Water induced compaction of chalks with varying non-carbonate content : the effect of Mg2+ and pH of the injected brines
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The main objective for this study was to investigate the effect of alkaline brines on chalk, and the importance of non-carbonate content in chalk. This was done by flooding alkaline MgCl2 on Liège chalk – which has non-carbonate content similar to that of North Sea Chalk, in addition to flooding the cleaner Mons chalk using MgCl2 with normal pH (pH≈6). The tests were performed using a triaxial cell, heated to 130°C by a surrounding heating jacket. The chalk cores were initially put under hydrostatic pressure, where the confining pressure was being raised to a desired value (11-12 MPa) simultaneously with increasing piston pressure in axial direction. Prior to this phase, the cores had been flooded with NaCl and gained a pore pressure with a value of 0.7 MPa. After hydrostatic loading, the cores experienced a creep phase. Here, the confining pressure along with pore pressure and piston pressure were kept constant, and it was during this phase that the flooding brines were switched to the desired brines. The only source of discrepancy in creep compaction of the chalk cores was now the injection brine. During creep phase, water samples of the effluent brine were collected for analysis purposes. By doing this, information of what is being produced and retained in the chalk is gained, and one can get a better understanding of the chemical processes that is occurring during this phase. Four different brines were flooded during these tests. NaCl was used as a pre-flooding brine for all five tests, and as a reference test for one of the Liège chalk cores. Alkaline 0.657 M NaCl and 0.0445 M MgCl2 with equal ionic strength (pH value of 10 and 9.5 respectively) was flooded through Liège chalk cores to further examine the importance of magnesium, and the effect of alkaline flooding. 0.0445 M MgCl2 was selected as this is the magnesium concentration to that found in seawater. 0.219 M MgCl2 was flooded through the Mons core as a reference for the study of calcite purity effects. During the hydrostatic phase, all four samples showed close to equal total axial strain, with values ranging from 1.05-1.10%. The Mons core seemed to be the strongest chalk with regards to yield strength; 9.9 MPa versus 8.6-9.10 MPa to that of the Liege cores. During the creep phase, the Liège cores showed some interesting results. When switching from normal to alkaline NaCl, a slight deceleration in creep behavior was immediately observed compared to the reference core flooded with normal pH. The alkaline 0.0445 M MgCl2 flooded core showed close to equal strain rates of that flooded with alkaline NaCl during the first period of creep; 0.690 and 0.664%/decade respectively. However, after approximately 60 days of creep, the Mg flooded core showed an accelerated creep compaction. This behavior has been seen previously (Madland et al., 2011; Megawati et al., 2011), but at much higher magnesium concentrations (0.219M MgCl2). The results from the Mons core flooded with 0.219 M MgCl2 indicated that magnesium ions were being retained inside the core along with excessive calcium being produced from the core, causing an enhanced creep compaction observed by an accompanying accelerating creep phase. The same was not seen during the accelerated creep phase for the Liège core. Although there was evidence of both magnesium being retained in the core along with calcium being produced, both the magnesium and calcium concentration seemed to flatten out, indicating that different processes might be occurring during this accelerated creep phase.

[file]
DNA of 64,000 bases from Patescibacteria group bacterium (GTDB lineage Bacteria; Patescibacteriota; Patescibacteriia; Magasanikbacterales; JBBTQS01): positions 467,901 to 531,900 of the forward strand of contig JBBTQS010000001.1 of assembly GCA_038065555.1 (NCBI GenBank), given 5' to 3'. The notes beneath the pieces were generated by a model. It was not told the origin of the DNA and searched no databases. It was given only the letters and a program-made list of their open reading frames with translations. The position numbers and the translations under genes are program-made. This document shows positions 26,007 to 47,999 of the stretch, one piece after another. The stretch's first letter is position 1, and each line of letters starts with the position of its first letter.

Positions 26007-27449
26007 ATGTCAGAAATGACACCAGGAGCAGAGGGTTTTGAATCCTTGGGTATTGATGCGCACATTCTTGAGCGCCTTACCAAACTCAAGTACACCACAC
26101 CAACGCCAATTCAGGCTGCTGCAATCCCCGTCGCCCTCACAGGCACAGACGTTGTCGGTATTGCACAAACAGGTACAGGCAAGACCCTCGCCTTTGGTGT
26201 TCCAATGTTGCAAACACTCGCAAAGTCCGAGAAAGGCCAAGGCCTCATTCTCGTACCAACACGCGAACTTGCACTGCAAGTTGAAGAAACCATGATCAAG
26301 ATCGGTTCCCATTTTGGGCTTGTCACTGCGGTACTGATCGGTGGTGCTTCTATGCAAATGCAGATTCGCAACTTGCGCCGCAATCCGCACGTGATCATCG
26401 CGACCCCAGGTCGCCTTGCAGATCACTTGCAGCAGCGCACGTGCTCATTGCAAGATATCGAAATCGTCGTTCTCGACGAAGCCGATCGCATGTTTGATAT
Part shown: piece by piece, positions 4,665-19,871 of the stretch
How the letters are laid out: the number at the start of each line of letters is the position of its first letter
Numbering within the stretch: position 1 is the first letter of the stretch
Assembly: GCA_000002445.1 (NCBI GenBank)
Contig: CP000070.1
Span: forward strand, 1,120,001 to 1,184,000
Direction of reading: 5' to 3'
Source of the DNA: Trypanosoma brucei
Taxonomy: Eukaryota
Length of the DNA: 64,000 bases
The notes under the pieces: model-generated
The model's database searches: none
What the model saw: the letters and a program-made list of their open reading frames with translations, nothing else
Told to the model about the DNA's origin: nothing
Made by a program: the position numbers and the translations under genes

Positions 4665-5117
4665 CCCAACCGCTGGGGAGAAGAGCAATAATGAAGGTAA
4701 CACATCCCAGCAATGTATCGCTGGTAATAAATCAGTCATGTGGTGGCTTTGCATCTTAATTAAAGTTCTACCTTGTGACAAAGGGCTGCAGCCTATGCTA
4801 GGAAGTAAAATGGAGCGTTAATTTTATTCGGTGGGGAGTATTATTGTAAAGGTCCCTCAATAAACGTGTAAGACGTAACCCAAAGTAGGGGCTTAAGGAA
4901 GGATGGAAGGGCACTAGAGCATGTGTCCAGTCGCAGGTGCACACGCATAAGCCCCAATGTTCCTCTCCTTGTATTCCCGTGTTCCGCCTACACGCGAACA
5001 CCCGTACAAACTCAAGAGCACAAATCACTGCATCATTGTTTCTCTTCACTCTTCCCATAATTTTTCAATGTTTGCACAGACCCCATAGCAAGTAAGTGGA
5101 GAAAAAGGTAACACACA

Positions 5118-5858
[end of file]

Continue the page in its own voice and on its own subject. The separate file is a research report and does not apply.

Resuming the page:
Master's thesis in Petroleum engineering